The old adage on Wall Street is that corporate takeovers come roaring back from the sluggish summer months right after Labor Day. This time around that line of thinking may not hold up.
The massive leveraged buyouts that helped drive stocks higher this year appear to have evaporated as corporate credit gets even tighter, and that will likely stymie any quick resumption of deal making.
There are some signs, however, that companies are trying to shrug off the credit crunch.
Sony said Tuesday that it would list shares of its financial unit on the Tokyo Stock Exchange next month, raising up to $3 billion in Japan's largest initial public offering this year.
There had been speculation Sony might delay the IPO because of market upheaval, as banks worldwide scrambled to calculate their exposure to mass defaults on subprime U.S. mortgages offered mainly to poor people.
And in Germany, Deutsche Bank said it was optimistic about the current quarter and saw signs the market was stabilizing.
Chief Executive Josef Ackermann told a banking conference the violent market conditions of August had affected his bank. But he added: "I am optimistic about the environment globally
for financial institutions."
No Quick Revival
Still, even some of the top U.S. buyout shops are warning not to expect a quick revival. Blackstone Group chief operating office Tony James said in a recent conference call: "The sense that people will come back right after Labor Day is way too optimistic. It will take a while to work through these issues."
Indeed, the cheap credit that fed the buyout boom has dried up--and that jeopardizes major deals still waiting for financing. Banks are said to be having a hard time finding investors to back loans for a number of private equity deals, including First Data , TXU, and H&R Block's sale of Option One Mortgage.
The closed credit market began as major banks, such as Citigroup and JPMorgan Chase, have become nervous about massive loans on their books. And there is increasing pressure on private equity firms to renegotiate deals to lessen the amount of money borrowed.
Cerberus Capital Management last month had to renegotiate its takeover of Chrysler Group from Daimler and inject more equity into the transaction. Then Home Depot lowered the sale price on its wholesale supply unit by 17 percent to complete its sale to private equity firms.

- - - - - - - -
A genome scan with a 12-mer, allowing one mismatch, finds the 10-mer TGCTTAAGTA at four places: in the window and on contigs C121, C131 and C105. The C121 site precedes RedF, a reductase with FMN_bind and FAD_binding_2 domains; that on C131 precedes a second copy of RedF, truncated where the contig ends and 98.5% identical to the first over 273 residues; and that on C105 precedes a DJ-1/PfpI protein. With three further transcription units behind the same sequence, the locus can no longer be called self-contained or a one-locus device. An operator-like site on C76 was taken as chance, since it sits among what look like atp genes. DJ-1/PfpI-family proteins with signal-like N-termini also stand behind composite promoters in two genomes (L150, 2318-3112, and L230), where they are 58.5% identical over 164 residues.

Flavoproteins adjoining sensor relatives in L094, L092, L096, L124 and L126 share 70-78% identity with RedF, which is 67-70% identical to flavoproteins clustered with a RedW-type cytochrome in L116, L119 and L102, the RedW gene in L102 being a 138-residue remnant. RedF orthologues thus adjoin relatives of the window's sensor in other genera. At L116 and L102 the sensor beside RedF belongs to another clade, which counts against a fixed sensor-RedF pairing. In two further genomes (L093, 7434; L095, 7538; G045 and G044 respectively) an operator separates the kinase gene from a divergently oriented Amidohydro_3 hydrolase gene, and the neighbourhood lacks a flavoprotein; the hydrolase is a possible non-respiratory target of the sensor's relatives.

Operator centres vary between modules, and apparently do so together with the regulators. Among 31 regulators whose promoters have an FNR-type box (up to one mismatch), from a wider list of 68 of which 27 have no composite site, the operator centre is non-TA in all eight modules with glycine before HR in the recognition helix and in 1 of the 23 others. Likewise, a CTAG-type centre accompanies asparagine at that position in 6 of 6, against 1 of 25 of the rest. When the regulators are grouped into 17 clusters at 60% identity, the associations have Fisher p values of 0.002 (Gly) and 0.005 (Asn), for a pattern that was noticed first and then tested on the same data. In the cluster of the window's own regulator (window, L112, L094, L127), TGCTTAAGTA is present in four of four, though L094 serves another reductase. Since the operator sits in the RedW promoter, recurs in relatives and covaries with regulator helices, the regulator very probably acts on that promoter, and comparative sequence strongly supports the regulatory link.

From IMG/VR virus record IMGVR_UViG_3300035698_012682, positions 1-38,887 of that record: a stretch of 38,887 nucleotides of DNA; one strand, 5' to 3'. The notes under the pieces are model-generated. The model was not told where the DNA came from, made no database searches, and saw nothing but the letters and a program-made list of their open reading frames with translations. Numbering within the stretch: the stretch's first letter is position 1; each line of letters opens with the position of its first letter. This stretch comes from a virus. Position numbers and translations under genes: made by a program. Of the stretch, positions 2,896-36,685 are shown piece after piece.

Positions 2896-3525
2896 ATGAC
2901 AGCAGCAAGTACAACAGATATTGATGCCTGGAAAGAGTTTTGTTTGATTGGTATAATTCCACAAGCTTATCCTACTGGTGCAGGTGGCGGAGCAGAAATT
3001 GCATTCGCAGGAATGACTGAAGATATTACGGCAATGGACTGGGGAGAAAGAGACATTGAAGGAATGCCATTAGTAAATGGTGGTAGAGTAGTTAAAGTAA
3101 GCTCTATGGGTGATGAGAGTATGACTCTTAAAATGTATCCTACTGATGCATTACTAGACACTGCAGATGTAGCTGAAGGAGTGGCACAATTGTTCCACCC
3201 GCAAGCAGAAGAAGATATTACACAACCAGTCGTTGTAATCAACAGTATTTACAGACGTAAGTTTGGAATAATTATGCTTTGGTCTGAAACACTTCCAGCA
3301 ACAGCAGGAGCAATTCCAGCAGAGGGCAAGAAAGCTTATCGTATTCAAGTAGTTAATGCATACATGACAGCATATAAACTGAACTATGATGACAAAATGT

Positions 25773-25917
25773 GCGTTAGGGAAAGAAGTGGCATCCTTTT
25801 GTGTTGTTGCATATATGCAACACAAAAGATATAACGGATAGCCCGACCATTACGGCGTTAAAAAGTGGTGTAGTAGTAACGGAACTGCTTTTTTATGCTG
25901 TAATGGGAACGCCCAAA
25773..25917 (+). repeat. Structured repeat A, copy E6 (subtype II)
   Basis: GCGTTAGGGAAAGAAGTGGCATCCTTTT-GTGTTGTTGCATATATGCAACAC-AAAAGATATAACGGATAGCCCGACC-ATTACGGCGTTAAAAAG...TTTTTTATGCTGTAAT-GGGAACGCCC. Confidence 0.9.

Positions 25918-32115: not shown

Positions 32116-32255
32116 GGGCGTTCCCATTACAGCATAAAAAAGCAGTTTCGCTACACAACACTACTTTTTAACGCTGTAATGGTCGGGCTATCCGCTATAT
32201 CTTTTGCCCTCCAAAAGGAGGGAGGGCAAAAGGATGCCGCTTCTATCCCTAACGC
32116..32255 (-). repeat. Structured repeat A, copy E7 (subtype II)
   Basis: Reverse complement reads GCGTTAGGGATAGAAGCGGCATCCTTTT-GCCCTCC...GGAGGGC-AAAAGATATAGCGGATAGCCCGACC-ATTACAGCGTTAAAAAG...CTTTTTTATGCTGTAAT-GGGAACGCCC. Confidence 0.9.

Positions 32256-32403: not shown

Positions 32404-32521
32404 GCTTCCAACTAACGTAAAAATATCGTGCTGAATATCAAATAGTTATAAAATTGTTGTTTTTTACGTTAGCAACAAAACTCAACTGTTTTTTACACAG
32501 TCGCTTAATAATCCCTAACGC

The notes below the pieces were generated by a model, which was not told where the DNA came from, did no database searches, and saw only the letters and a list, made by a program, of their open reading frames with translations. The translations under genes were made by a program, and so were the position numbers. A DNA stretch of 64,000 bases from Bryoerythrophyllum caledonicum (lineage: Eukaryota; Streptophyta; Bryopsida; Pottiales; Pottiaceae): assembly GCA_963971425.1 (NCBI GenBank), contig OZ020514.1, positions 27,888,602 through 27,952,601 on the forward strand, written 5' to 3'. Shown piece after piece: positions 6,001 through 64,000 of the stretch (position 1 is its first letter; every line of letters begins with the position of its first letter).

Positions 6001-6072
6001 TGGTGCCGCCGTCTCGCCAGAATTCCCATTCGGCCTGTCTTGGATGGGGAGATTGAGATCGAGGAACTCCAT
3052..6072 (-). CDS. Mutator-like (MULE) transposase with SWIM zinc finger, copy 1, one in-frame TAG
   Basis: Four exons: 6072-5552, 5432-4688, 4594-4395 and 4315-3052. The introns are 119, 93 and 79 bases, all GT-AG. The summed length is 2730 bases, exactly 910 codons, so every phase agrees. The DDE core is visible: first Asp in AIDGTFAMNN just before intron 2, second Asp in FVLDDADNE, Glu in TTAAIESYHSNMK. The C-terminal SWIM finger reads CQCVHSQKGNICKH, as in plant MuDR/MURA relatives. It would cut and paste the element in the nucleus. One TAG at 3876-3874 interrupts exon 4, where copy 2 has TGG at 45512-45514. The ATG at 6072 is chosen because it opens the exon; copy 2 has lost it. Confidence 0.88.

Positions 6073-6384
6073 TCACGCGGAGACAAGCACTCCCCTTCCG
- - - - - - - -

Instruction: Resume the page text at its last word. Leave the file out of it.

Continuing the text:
Banks, which signed agreements to back private equity deals with virtually no financing outs, are under pressure. It's more difficult for them to back out of a deal than for a private equity firm to walk away from a takeover, and that's changing the playing field.
"If there's no buyers for the assets that you are to distribute, then you take a hit. You've basically got to mark down the assets," said Nick Hill, director in the financial institutions group at Standard & Poor's.
This is expected to cut into earnings for the nation's big corporate lenders. Standard & Poor's estimates major U.S. banks could see debt underwriting cut in half compared to the first half of the year.
Revenue from debt underwriting in the first half of 2007 came to $1.69 billion for JPMorgan, $1.52 billion for Citigroup, and $1.11 billion for Bank of America Corp. These banks declined to comment on how the credit markets are affecting third-quarter results.
Tight Environment Expected
Major banks expect to operate in a fairly tight environment for the time being, especially with some pretty big loan obligations on tap. So far this year, they've helped fund about $465.5 billion worth of private equity transactions and are on the hook to finance another 285 deals worth $535.6 billion, according to data provider Dealogic.
Overall, there are about 3,567 deals including both private equity and corporate takeovers pending globally, worth some $1.7 trillion. The first big test for credit markets will come in September when the banks will focus on trying to get some big debt offerings completed.
Kohlberg Kravis Roberts' $28 billion acquisition of First Data will be the litmus test for the entire private equity industry, analysts said. First Data needs to raise about $8 billion in bonds and $14 billion in loans, and there was talk Thursday the deal might need to be renegotiated.
Another deal that could be at risk is the sale of H&R Block's subprime mortgage unit Option One Mortgage to Cerberus. Both sides are trying to modify the terms, but H&R Block said Thursday "there can be no assurance" a deal will close.
This could be the beginning of a slowdown for M&A, though analysts believe deals will continue.
"You can always make money if you buy at the right price, and even if you overpay then you have to pick the right time to sell," said Donna Hitscherich, professor of finance and economics at Columbia Business School. "What you're seeing now is a more sober approach."